Last edited: Nov 2, 2017
  10. ragl

    ragl Member

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    Thanks very much for the clarification Colin, delighted to see that it still exists and is now in the U.K. As for photos, sorry, that is the only one that I have; but from what is showing of the loco, it does look to incorporate many advanced features. I do hope that it finally gets completed and perhaps steamed on a, er,"local" railway.

    Cheers,

    Alan
     
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  11. lynbarn

    lynbarn New Member

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    I am trying to find out how tail it is and if it would fit a local railway.
     
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  12. marshall5

    marshall5 Member

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    Scaling it off the chap in front (assuming he's c.6') the loco is about 9'6" to the chimney top.
    Ray.
     
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  13. lynbarn

    lynbarn New Member

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    When Shaun McMahon gets back from his day job, I hope to be able to ask him a few question about this loco, from what I know already I suspect that we could find the answers to the boiler issues in David Wardles book the Red Devil etc etc...

    I need to go and try to re read parts of Davids Book (I failed last time) to get the jist of the boiler design and its concept of what they are trying to do. I might also take a look at my Leader steam loco book as I think that would be closer to what is required.

    As for building a new tender that too should not be a problem I would guess that it will need to carry up to say 1000 gallons of water and 3 tons of coal so I guess we could be looking at around 8 tons overall for a new tender.
     
  14. Sheff

    Sheff Well-Known Member

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  15. SpudUk

    SpudUk Member

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    Fascinating! Phil's loco looks like quite a beast
     
  16. lynbarn

    lynbarn New Member

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    When I first heard about this loco, I was trying to get my head around the fact that very little was know about it. I am even now, not to sure to all its history, what I have been told is that it was going to be paid for by four gents, sadly two of them have since died and those remaining did not have the money to finish it off, somehow and exactly when I do not know, but it ended up at the Exmoor Steam Railway in North Devon.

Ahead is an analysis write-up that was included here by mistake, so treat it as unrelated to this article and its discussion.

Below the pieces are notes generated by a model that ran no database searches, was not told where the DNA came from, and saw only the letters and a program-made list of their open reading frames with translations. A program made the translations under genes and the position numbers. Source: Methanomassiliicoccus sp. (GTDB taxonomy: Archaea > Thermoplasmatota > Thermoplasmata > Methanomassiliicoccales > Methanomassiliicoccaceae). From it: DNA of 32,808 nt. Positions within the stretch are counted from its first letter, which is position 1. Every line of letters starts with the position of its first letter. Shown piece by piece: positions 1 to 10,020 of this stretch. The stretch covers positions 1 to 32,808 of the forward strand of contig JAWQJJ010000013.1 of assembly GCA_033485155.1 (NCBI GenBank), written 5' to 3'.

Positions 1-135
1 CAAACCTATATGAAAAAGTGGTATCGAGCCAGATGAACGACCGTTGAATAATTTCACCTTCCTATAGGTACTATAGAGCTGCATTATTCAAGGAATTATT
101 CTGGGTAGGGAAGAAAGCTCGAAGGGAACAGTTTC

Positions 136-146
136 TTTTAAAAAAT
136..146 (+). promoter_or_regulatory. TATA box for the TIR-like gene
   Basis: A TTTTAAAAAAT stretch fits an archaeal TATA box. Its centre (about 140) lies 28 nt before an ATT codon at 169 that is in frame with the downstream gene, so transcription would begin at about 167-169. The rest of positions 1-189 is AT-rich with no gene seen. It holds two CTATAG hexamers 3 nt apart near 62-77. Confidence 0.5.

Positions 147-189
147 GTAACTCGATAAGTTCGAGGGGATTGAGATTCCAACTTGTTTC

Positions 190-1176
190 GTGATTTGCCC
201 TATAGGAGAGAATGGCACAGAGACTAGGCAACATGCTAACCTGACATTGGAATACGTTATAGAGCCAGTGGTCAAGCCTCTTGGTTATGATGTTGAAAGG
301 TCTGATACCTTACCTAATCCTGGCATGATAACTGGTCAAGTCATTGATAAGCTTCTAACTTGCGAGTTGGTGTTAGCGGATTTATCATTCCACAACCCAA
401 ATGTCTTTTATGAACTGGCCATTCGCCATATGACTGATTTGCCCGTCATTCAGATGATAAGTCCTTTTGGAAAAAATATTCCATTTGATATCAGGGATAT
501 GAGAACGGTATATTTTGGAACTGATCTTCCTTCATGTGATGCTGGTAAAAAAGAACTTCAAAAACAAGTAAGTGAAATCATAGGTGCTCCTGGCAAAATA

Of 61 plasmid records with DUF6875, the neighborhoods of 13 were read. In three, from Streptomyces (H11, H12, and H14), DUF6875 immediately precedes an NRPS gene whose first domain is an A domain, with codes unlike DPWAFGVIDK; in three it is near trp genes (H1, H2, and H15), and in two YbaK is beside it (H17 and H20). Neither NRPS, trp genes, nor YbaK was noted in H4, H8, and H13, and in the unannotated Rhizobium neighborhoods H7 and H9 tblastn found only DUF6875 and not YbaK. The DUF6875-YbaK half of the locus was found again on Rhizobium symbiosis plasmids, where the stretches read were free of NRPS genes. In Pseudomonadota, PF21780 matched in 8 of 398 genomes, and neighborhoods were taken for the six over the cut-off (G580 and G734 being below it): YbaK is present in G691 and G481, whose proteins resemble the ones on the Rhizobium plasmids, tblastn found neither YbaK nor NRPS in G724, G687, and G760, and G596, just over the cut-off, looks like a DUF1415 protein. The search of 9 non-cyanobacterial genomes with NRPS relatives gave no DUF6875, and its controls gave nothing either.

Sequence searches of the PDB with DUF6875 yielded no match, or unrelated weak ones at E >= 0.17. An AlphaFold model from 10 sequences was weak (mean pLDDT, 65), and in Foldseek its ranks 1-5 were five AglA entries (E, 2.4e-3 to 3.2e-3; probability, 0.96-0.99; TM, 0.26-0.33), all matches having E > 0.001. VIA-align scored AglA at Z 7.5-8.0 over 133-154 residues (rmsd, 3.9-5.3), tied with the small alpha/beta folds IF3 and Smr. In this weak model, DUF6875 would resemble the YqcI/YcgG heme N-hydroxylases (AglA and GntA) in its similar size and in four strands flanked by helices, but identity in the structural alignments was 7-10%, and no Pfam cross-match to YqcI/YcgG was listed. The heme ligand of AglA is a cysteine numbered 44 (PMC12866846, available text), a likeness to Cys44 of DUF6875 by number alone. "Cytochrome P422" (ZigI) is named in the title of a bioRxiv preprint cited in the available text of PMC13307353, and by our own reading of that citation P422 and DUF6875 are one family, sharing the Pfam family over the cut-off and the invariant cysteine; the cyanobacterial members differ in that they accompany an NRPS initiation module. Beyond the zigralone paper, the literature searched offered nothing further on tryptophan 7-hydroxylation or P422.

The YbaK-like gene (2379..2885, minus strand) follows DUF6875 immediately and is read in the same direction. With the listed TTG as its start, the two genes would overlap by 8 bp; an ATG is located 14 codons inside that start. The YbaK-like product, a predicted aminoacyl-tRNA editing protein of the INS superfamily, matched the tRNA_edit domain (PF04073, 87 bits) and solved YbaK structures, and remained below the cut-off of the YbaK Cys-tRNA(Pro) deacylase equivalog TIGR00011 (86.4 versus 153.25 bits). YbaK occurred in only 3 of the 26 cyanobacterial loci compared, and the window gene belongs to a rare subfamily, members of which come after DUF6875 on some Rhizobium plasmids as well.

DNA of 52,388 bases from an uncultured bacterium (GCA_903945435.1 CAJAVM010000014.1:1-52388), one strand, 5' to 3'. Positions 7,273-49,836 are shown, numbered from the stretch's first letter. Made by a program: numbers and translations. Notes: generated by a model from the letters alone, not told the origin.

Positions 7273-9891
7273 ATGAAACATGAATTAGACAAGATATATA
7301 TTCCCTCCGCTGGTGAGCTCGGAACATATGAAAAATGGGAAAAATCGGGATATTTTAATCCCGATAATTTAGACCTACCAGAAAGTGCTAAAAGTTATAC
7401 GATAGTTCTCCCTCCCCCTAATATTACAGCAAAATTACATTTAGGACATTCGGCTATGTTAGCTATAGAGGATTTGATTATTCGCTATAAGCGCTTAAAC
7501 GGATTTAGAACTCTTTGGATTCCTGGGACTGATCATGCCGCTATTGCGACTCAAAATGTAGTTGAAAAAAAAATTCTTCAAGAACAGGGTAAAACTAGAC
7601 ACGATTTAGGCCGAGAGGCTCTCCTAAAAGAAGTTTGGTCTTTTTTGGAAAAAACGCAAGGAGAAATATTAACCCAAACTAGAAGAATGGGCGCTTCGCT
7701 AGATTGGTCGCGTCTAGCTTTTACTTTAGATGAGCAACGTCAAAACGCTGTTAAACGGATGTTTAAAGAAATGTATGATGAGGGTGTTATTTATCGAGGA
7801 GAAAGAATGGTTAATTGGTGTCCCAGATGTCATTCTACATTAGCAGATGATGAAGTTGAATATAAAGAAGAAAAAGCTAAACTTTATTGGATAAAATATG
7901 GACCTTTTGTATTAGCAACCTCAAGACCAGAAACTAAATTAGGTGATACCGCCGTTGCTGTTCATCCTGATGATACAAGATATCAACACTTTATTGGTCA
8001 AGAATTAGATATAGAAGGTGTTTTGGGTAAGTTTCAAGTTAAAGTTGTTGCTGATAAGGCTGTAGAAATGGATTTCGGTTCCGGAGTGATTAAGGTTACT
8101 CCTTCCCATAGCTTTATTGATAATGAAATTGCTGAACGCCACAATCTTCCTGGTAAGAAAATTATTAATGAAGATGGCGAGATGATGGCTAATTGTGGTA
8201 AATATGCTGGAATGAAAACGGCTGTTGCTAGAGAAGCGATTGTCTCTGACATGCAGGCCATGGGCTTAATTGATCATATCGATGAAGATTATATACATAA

I get the impression that it is to be the first of a generation of advanced steam engines, and it needs to be finished. At the moment there is very little I can do about it, but most of the contacts are now in place and hopefully something will happen in the next few months.

    What with this and James Evans loco project, I don't think that steam engineering is dead just yet.
     
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  17. 30854

    30854 Part of the furniture

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    Do I get the impression some consider a home on a certain railway not a million miles from the part built Girdlestone loco's current location may provide impetus for it's completion?

    This sounds a fascinating project which I would love to know more about.
     
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  18. lynbarn

    lynbarn New Member

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    Oh that would be the dream, but there is a lot more to do behind the scenes before that can happen, There are a few people who are aware of this loco and the hints I have dropped about it, for what it is worth I think it would be a good fit for down there, the whole ethos of the project is the same as that of the railways.

    The big challenge is to get all the members on side since they view the project of rebuilding the old railway back to something like it was in 1935, I have no problem with that, but I am however prepared to accept things have changed and we need to be more sustainable in our outlook when it come to the whole project and if technology can help make that happen then so be it, history has a great way of teaching us when we get something wrong.
     
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  19. 30854

    30854 Part of the furniture

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    One design feature rarely mentioned is the 'Chapelon Economiser' (I'll stick with an 's' - thank you very much!) which I understand to be a vertical seperation of the foremost (i.e.coolest) part of a conventional boiler, effectively acting as an integrated pre-heater between feedwater and full boiler temperature.

    Description here:
    https://www.advanced-steam.org/ufaqs/the-economizer/

    Whilst sounding a lot simpler than many contraptions trialled over the years (but not the Franco-Crosti version!), does anyone have any experience of the pros and cons?
     
  20. Jamessquared

    Jamessquared Nat Pres stalwart

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    A special camouflaged boiler to blend in with the surroundings for a start...

    Tom